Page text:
I’m rather tired of people trying to befriend me, under the guise or anti-racism and then being inconsistent with their ideas. I’m also tired of people claim they are anti-racists, but are unabashed snobs when it comes to class and standing. It’s one think to have personal standards, it’s another thing to think you are above someone and you are better than them. Don’t ride on my colour, don’t ride on my anti-racist platform, don’t ride on my friendship. Have some accountability and responsibility.

Free speech is not free. It comes with the heavy weight of social responsibility and accountability.

When I talk, I take in consideration that my words can easily be misunderstood but I always try to clarify and make amends. I always will. I try to talk to and not down as much as possible.

When I write, I write to express my feelings thus the words I write are an expression of my feelings. I understand I can say the wrong things at times, and I can take ownership when I say the wrong things and do the wrong things, make amends and apologize.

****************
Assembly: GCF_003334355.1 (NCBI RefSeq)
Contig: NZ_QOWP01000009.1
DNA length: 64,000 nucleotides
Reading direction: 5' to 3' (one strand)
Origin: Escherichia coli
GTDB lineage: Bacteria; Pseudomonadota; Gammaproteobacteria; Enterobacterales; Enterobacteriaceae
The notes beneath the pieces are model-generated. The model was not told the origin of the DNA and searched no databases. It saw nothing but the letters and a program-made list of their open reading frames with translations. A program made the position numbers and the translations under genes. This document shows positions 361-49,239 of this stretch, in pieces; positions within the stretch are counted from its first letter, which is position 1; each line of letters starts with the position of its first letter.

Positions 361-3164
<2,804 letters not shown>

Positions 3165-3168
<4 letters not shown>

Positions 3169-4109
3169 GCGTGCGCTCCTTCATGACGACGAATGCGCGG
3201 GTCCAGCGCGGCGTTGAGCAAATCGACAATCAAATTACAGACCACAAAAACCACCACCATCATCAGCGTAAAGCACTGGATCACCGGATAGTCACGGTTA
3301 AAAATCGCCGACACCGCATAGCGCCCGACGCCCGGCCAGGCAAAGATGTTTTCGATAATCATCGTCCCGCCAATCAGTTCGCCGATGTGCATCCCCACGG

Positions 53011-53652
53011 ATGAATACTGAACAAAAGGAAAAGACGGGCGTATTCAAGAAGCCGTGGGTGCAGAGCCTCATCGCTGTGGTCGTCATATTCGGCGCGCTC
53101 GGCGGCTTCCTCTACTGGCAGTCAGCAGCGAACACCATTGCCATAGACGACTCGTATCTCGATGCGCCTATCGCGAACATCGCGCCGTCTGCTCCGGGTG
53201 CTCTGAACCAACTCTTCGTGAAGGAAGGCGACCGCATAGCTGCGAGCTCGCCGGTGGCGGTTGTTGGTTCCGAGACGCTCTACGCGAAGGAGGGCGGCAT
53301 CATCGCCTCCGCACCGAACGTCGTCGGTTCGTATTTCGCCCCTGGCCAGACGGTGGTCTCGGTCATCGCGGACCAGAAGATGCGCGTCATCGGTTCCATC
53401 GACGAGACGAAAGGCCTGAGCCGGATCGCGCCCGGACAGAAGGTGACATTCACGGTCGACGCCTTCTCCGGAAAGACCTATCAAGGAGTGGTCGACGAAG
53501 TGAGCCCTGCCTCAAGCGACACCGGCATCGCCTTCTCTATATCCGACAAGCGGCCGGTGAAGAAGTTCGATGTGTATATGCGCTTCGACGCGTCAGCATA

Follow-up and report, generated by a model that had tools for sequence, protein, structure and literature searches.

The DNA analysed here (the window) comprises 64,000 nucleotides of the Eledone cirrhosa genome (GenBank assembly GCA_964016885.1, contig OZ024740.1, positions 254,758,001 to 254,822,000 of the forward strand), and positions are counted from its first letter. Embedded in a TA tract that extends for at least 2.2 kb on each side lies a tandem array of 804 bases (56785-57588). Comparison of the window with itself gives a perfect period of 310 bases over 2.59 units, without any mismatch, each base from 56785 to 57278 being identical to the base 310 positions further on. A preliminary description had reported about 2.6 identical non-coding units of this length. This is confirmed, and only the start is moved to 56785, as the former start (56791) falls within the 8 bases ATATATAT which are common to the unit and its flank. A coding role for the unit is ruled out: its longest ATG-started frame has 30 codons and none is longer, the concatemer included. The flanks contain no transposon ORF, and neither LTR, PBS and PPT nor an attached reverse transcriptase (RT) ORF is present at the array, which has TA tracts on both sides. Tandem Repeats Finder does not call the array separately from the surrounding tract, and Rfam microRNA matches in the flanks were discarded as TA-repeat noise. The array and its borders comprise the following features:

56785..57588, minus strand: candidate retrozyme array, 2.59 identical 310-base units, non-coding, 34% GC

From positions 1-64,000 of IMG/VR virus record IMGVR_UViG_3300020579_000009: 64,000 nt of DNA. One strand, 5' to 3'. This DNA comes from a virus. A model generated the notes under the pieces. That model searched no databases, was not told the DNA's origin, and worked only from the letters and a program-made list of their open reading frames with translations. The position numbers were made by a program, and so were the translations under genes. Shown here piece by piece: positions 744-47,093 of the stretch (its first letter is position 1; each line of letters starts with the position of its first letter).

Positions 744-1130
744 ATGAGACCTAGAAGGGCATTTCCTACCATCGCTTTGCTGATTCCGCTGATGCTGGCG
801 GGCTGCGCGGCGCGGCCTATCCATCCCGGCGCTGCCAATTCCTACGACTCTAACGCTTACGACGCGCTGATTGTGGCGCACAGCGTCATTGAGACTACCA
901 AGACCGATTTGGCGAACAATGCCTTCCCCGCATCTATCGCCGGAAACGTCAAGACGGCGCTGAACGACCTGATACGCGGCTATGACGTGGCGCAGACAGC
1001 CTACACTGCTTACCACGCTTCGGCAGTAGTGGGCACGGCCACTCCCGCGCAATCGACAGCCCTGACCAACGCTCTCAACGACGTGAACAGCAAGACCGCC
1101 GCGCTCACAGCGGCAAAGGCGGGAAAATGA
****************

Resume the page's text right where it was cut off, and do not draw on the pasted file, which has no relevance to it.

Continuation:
I’ve put a lot of thought into how I communicate and try to communicate with our readers, I’m glad I am able to have a lot of dialogue and more and more readers are commenting.

I’ll admit I am actually shy, if you haven’t notice if you do e-mail I not usually the one who responds and get the message second hand from Davita. But I’m not shy when you leave a comment, and I’ll be a little more responsive.

I will continue to refuse to censor myself.

Never compromise yourself.

Never compromise your feelings.

Never re-write who you are.

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~ by l on September 4, 2008.